A name derived from the district of Buchan which comprises the north-eastern part of Aberdeenshire and part of Banffshire. The district may take its name from ‘bwch’, the Brythonic for cow. The ancient mormaership, or earldom, of Buchan passed to the Comyns, who were later deprived of it after their defeat by Robert the Bruce. Buchan was thereafter conferred on Alexander Stewart, natural son of Robert II. The geographic name would, however, have been used by notable inhabitants of the district, even although they may have had no provable connection with the great earls.
Black lists Ricardus de Buchan as clerk to the bishopric of Aberdeen around 1207. William de Buchan held land in Aberdeen before 1281. Sir Thomas de Boghan appears on the Ragman Roll rendering homage to Edward I of England in 1296. His lands were around Edinburgh, and his seal bears an eight-rayed figure which may be the derivation of the shining sun which forms part of the chief’s crest.
It cannot be accurately ascertained when the Buchans gained the lands of Auchmacoy, but Andrew Buchan of Achmakwy was one of the assize appointed to settle the boundaries of the lands of St Peter’s Hospital in 1446. Auchmacoy seemed to have been in the family’s hands from the beginning of the fourteenth century, but it was in 1503 that Andrew, generally reckoned to be the second chief, received a charter to the lands from James IV.
The Barons of Auchmacoy were staunch royalists and firm supporters of the Stuarts throughout the seventeenth century. Thomas, the third son of James Buchan of Auchmacoy, was a professional soldier who learned his trade in the wars in France and Holland. He served in Douglas’s Scots Regiment, raised for the king of France, until 1686, when he was commissioned colonel in the Earl of Mar’s regiment by James VII. Loyal to his commission, he joined Viscount Dundee to fight for his deposed monarch. After Dundee’s death at Killiecrankie in 1689, Buchan was appointed commander-in-chief of all Jacobite forces in Scotland, receiving his commission from the king in Ireland. He returned to Scotland in April 1690 where he met at Keppoch with chiefs sympathetic to the Jacobite cause. It was resolved to delay the general muster of the clans until the summer, but General Buchan was to harry the enemy with his force of twelve hundred foot. On 1 May 1690 at Cromdale, Buchan was taken by surprise by a strong government force under General Mackay. Buchan escaped, regrouped his men, and joined forces with the Farquharsons. The Highland reinforcements encouraged Buchan to take the offensive again. He marched from Abergeldie through the Mearns towards Aberdeen but he was soon opposed by the Master of Forbes and a strong force of cavalry. Buchan cleverly disposed his troops to give an appearance of numerical superiority and his ruse was successful. Forbes retreated towards Aberdeen, causing panic in the city. Buchan, however, had no intention of attacking the city and turned towards Inverness. General Mackay’s forces however, marched to intercept him, and Buchan’s Highlanders drifted away into their home glens. Buchan was allowed to go into exile in France, but he fought again at the Battle of Sheriffmuir in 1715 and was still in communication with the exiled royal family when he died in 1721.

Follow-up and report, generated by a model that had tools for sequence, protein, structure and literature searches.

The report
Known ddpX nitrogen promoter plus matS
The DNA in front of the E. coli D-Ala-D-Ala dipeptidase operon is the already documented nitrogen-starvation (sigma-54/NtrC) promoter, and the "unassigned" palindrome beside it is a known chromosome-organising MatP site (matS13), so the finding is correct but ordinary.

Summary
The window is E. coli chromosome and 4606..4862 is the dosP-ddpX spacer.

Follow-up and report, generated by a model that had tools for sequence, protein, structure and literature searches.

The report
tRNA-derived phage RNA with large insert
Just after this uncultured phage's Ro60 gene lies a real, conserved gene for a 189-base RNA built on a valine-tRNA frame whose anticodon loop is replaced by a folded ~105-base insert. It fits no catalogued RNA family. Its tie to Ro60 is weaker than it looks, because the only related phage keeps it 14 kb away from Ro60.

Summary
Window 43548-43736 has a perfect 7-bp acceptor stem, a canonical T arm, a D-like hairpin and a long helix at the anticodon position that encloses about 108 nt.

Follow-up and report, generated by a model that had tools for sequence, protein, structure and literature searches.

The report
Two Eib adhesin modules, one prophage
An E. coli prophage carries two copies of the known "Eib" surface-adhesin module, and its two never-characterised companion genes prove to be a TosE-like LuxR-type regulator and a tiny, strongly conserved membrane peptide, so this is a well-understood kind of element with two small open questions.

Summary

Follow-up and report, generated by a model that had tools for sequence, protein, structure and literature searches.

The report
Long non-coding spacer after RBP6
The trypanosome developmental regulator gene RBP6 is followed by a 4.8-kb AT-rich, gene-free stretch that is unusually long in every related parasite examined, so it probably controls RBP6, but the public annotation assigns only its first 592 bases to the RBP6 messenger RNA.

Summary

James Buchan, fourteenth of Auchmacoy, was recognised by the Lord Lyon as chief of the name in April 1830. The title then passed through his only daughter, Louisa, to her cousin, Sir Norman Sinclair, eighteenth Earl of Caithness. He petitioned the Lyon Court in April 1913, taking the surname and arms of Buchan of Auchmacoy. His daughter, Lady Lucy Buchan, married Sir Thomas Innes of Learney, the great Lord Lyon, in 1928. She was the mother of Sir Thomas’s younger son., Sir Malcolm Innes of Edengight, who served as Lord Lyon from 1981 until 2001. The earl’s eldest daughter, Lady Olivia, became the seventeenth of Auchmacoy. Her son changed his name in 1949 to be recognised by the Lord Lyon as chief of the Buchans. The chief’s seat remains at Auchmacoy House near Ellon.
Alexander Buchan was an eminent British meteorologist who first observed what were to become known as Buchan Spells: departures from the normally expected temperature occurring during certain seasons. Buchan established the weather map as the basis for weather forecasting. John Buchan, born in August 1875, was a clergyman’s son, educated at the Universities of Glasgow and Oxford before being called to the Bar in 1901. He served in the colonial service in South Africa and this inspired his literary career. His most famous work was The Thirty-nine Steps, popularised by the motion picture directed by Alfred Hitchcock. In 1935 he was appointed Governor General of Canada and was created first Baron Tweedsmuir.